There are fibrations $E \rightarrow B$ which are not fiber bundles. Example: $E = [0,1]^2 / \text{middle vertical line segment}$ and $B=[0,1]$.

In this example, $E$ has the homotopy type of a total space in a fiber bundle over $B$: namely $E'=[0,1]^2$. Is this always true?

If you don't know, then still I would appreciate any new examples of fibrations that aren't fiber bundles.

  • 4
    $\begingroup$ Some time ago, I asked a topologist the same question.. The answer was "Fibration is a categorical notion, so it depends on the category of spaces you consider. For a nice category like CW-complexes it's probably true, but for too general spaces/maps it's probably false", but he had no counterexample either. I'd really like to see one too. $\endgroup$
    – Ben
    Aug 17, 2015 at 16:03
  • $\begingroup$ @Ben, i want to see the proof in $CW$-case more than counterexample in general. (I had some ideas to prove, but they failed) $\endgroup$ Aug 17, 2015 at 17:09
  • $\begingroup$ also i had an answer that "Fibration arise in homotopic problems, and fiber bundles in geometric ones; so these are two different instruments to work with, and connection between them is useless and non-interesting," -- here i'm not agree with the last statement. $\endgroup$ Aug 17, 2015 at 17:16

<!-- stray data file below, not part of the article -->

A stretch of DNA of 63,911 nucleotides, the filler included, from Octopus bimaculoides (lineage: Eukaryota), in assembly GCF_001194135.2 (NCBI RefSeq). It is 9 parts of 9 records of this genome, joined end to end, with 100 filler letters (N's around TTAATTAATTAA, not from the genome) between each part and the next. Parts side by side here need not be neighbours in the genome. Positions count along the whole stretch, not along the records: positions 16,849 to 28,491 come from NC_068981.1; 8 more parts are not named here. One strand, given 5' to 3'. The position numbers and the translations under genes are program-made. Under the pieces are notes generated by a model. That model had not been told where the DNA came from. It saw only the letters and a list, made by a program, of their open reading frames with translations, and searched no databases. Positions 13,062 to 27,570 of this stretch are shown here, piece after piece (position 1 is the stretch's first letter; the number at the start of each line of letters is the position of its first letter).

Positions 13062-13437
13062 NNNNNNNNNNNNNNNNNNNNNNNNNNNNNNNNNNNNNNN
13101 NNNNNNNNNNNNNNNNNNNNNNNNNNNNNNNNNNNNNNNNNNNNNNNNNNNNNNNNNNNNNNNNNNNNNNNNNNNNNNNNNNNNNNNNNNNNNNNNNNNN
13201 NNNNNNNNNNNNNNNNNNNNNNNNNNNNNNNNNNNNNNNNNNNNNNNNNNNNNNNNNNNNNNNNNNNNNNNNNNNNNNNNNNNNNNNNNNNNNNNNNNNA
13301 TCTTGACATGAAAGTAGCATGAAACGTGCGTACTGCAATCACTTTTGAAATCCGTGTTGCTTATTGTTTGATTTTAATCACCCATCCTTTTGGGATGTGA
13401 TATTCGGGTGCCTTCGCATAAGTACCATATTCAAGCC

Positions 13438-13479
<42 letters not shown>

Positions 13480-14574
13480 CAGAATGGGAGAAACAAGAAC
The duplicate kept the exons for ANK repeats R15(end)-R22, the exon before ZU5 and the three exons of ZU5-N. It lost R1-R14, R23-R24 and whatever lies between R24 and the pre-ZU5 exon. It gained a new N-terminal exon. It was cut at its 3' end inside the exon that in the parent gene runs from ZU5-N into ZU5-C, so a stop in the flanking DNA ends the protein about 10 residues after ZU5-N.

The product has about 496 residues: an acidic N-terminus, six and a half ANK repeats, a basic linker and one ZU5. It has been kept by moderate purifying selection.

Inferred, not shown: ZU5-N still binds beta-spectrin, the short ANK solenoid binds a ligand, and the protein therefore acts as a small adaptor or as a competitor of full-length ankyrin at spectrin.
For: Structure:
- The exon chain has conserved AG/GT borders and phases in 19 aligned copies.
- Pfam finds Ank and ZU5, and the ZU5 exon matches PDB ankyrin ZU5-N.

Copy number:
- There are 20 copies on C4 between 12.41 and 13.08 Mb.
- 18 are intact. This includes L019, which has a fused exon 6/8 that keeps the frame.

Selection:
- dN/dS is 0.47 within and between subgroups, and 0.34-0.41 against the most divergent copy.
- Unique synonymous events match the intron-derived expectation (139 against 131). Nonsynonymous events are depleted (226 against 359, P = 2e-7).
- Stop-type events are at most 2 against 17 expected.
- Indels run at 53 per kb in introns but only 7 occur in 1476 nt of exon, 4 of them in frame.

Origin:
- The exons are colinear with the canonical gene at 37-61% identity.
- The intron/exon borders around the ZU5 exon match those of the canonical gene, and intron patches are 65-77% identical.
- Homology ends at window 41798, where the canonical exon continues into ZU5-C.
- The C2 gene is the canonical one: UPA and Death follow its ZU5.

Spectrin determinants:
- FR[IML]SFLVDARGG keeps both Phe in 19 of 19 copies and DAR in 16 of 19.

• $\begingroup$ Dear @AndreyRyabichev, I don't know how it works for sure either, but maybe it's time to reconsider the question. $\endgroup$
    – Ben
    Aug 17, 2015 at 17:22

2 Answers 2


If the fibration is smooth and the spaces involved are compact, then it is a fiber bundle. Just to make clear what I mean by smooth fibration:

Definition. A smooth map $p\colon E \to B$ is said to satisfy the homotopy lifting property in the smooth category if given the following commutative diagram where all maps are smooth:

there exists an smooth map $\widetilde{F}$ making the following diagram smooth:

Definition. A smooth map is said to be a smooth (Hurewicz) fibration if it satisfies the homotopy lifting property in the smooth category for all manifolds $Y$.

Definition. A smooth map is said to be a smooth Serre fibration if it satisfies the homotopy lifting property in the smooth category for all discs $I^n$, $n\ge 0$.

Now the idea of the proof:

1) A (Serre) fibration $p\colon E \to B$ where $B$ is path-connected and $E\neq \emptyset$ is surjective.

2) A smooth (Serre) fibration is a submersion. I asked the question and it was answered here.

3) Compactness combined with the above guarantees we can apply Ehresmann and we are done.

Remark. This works for weak or Serre fibrations. You don't need to assume you are working with Hurewicz fibrations. So the answer is a bit more general than the question you asked.


Good news as long as we only care for CW complexes. In D. Barnes, The simplicial bundle of a CW Fibration (jstor link), to every fibration with base and fibres being CW, there is associated a fibre-homotopic (simplicial) fibre bundle.


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